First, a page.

Leyden jar

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Leyden jar

n.
An early form of capacitor consisting of a glass jar lined inside and out with tinfoil and having a conducting rod connected to the inner foil lining and passing out of the jar through an insulated stopper.

[After Leyden (Leiden).]

Leyden jar

n
(Electrical Engineering) physics an early type of capacitor consisting of a glass jar with the lower part of the inside and outside coated with tin foil
[C18: first made in Leiden]

Ley′den jar`


n.
a device for storing electric charge, consisting essentially of a metal rod in a glass jar lined inside and outside with tinfoil.
[1815–25; so called because invented in Leyden]

Ley·den jar

(līd′n)
An early device for storing electric charge. It consists of a glass jar with conductive metal foil covering most of the inner and outer surfaces (all except the top parts). A metal rod or wire, used to draw electric charge into the jar, touches the inner foil and then exits through an insulating stopper in the neck.
ThesaurusAntonymsRelated WordsSynonymsLegend:
Noun1.Leyden jar - an electrostatic capacitor of historical interestLeyden jar - an electrostatic capacitor of historical interest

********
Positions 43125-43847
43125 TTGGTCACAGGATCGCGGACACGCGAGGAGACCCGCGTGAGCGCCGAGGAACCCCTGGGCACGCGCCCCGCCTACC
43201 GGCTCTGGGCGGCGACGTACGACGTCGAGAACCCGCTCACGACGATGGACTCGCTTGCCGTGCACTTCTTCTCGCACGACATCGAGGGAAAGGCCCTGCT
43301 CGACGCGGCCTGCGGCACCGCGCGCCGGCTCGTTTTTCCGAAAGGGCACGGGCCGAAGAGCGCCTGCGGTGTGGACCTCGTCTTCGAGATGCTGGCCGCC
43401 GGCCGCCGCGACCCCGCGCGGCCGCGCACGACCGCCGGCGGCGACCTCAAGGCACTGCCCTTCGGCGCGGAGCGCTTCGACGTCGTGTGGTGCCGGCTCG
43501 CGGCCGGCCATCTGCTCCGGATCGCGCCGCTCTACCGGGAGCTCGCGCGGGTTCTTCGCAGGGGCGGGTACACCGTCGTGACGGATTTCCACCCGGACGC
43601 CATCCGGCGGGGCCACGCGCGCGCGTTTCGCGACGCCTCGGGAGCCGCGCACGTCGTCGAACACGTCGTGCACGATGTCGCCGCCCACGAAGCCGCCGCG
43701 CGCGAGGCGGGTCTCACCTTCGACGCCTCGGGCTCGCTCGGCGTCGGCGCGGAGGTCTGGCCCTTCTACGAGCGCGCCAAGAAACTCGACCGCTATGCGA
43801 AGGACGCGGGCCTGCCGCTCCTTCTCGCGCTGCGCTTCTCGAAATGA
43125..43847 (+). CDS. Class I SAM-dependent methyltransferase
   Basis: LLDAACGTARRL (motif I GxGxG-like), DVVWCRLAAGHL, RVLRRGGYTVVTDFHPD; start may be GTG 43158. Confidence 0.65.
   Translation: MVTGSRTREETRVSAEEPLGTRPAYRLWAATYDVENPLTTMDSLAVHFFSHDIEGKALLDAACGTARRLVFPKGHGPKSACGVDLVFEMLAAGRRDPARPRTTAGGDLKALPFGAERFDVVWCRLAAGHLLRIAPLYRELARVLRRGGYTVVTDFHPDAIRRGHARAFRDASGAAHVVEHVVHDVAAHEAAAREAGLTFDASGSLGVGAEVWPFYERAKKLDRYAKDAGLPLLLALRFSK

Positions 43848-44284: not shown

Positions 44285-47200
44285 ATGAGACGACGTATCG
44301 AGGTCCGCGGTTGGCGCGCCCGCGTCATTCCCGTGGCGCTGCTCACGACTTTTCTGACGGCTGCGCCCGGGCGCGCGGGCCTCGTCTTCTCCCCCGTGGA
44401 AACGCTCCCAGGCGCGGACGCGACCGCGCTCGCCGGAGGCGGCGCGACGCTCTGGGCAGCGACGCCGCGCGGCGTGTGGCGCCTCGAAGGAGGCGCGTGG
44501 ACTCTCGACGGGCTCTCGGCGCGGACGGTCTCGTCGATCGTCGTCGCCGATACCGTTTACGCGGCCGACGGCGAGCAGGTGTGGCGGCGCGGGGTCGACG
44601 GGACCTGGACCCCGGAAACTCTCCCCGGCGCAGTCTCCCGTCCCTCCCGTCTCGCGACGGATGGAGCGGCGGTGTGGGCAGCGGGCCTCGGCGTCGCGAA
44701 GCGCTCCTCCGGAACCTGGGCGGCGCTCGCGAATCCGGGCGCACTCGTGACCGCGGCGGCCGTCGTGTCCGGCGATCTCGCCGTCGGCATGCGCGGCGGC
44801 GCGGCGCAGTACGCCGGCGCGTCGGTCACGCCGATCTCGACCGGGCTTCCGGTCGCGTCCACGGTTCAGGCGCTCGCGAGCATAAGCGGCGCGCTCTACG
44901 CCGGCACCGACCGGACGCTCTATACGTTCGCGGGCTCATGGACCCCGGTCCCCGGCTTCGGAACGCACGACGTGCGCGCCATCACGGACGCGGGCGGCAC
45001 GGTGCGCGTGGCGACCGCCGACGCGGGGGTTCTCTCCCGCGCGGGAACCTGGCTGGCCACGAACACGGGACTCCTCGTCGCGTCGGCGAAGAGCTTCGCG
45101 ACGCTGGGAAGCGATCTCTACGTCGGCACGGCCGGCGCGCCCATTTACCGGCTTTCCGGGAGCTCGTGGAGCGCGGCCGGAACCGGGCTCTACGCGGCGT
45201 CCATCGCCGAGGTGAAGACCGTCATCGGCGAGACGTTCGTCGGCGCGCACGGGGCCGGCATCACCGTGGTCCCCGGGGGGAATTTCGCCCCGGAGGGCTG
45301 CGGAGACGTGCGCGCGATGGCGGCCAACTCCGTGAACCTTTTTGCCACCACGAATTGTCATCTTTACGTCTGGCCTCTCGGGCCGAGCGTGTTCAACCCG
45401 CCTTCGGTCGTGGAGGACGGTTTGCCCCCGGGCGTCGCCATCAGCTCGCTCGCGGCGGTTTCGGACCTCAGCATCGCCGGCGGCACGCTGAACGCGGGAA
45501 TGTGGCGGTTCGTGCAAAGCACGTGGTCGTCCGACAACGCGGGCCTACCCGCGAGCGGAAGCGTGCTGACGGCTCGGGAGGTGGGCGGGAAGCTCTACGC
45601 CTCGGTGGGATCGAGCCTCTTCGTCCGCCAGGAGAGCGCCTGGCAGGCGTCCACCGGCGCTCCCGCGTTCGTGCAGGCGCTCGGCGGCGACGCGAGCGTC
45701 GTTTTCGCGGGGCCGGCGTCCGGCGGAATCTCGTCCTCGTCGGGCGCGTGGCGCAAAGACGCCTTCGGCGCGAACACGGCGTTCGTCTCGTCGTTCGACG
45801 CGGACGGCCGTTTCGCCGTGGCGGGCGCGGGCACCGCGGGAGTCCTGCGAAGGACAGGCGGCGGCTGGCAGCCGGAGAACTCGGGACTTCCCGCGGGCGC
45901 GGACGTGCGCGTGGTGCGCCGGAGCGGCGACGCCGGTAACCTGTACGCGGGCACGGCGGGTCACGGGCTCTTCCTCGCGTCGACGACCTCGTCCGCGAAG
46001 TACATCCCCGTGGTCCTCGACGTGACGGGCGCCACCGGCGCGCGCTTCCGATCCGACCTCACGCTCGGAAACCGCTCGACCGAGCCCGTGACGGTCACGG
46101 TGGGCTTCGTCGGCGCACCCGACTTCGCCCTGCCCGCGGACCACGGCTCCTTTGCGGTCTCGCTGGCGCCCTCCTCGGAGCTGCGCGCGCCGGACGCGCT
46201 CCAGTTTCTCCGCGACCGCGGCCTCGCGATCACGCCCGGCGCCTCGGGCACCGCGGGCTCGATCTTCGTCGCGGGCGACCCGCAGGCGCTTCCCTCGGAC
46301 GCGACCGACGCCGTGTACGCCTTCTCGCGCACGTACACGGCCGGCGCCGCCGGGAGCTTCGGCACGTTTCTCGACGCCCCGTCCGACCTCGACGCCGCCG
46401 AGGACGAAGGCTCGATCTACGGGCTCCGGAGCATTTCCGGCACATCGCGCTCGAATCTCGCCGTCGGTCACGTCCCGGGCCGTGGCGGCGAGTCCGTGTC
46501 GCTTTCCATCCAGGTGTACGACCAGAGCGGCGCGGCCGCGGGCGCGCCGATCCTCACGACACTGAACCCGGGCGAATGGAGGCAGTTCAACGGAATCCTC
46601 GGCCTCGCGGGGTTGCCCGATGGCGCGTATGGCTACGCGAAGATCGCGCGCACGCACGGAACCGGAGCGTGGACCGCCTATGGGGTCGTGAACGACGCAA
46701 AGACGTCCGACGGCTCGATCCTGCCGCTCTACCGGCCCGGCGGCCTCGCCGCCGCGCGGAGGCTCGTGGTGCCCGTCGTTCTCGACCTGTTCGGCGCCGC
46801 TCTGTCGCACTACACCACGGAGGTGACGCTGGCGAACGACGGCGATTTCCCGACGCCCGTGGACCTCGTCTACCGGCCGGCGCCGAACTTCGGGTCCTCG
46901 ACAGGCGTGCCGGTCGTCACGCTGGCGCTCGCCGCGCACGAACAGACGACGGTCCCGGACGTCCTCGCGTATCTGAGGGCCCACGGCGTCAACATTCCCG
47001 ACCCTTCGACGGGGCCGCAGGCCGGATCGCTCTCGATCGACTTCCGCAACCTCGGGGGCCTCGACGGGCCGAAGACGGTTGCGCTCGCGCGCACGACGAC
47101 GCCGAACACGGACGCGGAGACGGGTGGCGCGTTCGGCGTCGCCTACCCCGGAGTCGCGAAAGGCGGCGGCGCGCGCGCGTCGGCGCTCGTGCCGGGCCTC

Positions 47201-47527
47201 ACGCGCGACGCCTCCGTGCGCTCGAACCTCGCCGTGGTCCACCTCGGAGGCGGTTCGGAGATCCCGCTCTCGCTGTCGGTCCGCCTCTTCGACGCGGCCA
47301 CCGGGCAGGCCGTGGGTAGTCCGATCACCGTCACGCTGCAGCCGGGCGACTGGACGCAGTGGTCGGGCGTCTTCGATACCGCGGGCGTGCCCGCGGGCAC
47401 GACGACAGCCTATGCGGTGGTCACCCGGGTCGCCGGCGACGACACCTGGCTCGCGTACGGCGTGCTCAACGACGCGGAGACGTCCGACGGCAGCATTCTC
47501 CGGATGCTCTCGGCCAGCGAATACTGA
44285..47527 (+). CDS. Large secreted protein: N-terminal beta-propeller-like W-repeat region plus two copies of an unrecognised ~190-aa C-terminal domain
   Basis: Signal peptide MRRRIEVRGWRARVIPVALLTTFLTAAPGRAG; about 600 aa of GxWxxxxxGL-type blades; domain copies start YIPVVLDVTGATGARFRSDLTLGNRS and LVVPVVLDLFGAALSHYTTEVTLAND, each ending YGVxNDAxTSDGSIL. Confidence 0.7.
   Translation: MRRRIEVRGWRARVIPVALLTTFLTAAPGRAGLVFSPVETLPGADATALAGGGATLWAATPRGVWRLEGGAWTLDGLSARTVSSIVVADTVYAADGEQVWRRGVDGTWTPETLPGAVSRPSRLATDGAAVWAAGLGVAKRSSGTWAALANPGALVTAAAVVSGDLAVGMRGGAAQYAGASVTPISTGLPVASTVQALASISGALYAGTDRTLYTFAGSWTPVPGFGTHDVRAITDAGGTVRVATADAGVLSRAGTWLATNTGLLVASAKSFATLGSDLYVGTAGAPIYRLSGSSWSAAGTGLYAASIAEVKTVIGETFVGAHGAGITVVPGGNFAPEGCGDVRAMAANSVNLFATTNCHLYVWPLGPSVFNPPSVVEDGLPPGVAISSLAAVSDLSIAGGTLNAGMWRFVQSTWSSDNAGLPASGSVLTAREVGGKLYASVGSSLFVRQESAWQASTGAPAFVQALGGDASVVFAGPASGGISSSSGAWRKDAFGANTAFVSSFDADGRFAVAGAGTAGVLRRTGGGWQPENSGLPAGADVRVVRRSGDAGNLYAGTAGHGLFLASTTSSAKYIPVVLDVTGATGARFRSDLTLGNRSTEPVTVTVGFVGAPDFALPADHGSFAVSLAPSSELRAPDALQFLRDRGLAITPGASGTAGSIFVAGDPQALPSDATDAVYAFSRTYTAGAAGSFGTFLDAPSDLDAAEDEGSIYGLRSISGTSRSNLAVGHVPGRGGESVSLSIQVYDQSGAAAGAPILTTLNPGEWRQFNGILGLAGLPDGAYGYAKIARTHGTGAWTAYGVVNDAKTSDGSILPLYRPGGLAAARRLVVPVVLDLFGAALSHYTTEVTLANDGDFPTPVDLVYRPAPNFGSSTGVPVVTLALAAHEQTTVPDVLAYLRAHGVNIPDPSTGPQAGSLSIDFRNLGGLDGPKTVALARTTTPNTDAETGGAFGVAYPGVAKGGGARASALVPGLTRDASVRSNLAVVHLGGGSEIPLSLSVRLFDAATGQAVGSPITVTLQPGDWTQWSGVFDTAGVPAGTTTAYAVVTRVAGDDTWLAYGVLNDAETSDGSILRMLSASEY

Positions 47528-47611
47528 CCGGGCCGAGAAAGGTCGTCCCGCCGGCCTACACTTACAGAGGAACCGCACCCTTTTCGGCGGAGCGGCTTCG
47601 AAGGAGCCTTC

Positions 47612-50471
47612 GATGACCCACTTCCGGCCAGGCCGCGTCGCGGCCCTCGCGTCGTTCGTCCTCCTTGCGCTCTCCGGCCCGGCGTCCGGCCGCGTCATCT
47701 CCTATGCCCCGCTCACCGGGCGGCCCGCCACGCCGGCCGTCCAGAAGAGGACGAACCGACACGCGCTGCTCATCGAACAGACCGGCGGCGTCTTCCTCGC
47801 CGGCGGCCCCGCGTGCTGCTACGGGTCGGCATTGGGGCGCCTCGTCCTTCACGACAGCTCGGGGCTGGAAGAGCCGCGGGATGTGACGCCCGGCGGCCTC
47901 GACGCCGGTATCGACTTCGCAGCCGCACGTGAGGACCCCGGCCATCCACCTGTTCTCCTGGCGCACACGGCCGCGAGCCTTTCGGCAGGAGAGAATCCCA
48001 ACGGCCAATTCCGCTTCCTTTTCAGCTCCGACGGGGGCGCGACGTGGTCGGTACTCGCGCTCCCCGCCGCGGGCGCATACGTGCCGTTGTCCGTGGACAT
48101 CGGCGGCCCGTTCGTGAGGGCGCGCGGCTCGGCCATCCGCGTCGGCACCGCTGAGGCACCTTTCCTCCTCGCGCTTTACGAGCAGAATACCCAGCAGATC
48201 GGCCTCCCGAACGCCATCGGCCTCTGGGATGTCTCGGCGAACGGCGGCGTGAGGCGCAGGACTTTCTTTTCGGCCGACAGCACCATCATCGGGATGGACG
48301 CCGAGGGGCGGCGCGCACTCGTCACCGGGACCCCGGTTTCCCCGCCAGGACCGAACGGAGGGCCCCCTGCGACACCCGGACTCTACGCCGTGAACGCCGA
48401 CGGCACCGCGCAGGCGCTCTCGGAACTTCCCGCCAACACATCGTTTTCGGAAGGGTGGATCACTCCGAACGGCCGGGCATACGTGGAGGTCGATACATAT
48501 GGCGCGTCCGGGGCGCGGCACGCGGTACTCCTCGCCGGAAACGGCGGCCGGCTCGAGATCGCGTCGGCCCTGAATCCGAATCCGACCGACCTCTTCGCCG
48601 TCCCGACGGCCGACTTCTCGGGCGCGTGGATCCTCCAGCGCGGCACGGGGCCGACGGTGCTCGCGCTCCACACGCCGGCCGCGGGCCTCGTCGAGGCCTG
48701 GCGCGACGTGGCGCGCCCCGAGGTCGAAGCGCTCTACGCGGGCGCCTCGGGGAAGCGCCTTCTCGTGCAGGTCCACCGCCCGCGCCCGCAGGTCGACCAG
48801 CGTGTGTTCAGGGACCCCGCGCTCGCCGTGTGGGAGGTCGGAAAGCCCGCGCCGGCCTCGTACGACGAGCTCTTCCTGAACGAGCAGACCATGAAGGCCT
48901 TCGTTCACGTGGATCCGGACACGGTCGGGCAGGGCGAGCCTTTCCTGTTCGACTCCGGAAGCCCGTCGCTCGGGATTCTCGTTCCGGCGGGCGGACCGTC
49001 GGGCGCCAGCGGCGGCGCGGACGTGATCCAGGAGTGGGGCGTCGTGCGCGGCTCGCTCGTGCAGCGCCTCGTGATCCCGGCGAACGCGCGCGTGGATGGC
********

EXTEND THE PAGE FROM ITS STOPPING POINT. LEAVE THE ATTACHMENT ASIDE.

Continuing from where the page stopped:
capacitor, condenser, electrical condenser, capacitance - an electrical device characterized by its capacity to store an electric charge
Translations

Leyden jar

nLeidener Flasche f
References in classic literature ?
Mazarin bounded in his bed as if he had been put in relation with a Leyden jar or a voltaic pile, at the same time that a surprise, or rather a manifest disappointment, inflamed his features with such a blaze of anger, that Louis XIV.
Those early, simple spark gap transmitters have an ancestry that can be traced back to the electrical machines and Leyden jars that 18th-century experimenters used to astound their spectators.
Lightning Rod and Franklin's Static Electricity Tube, Box of Leyden Jars (demonstrating the first "battery", built and named by Franklin), Franklin's Electrostatic Generator and Thornton Oakley's "Mural of Franklin's Lightning".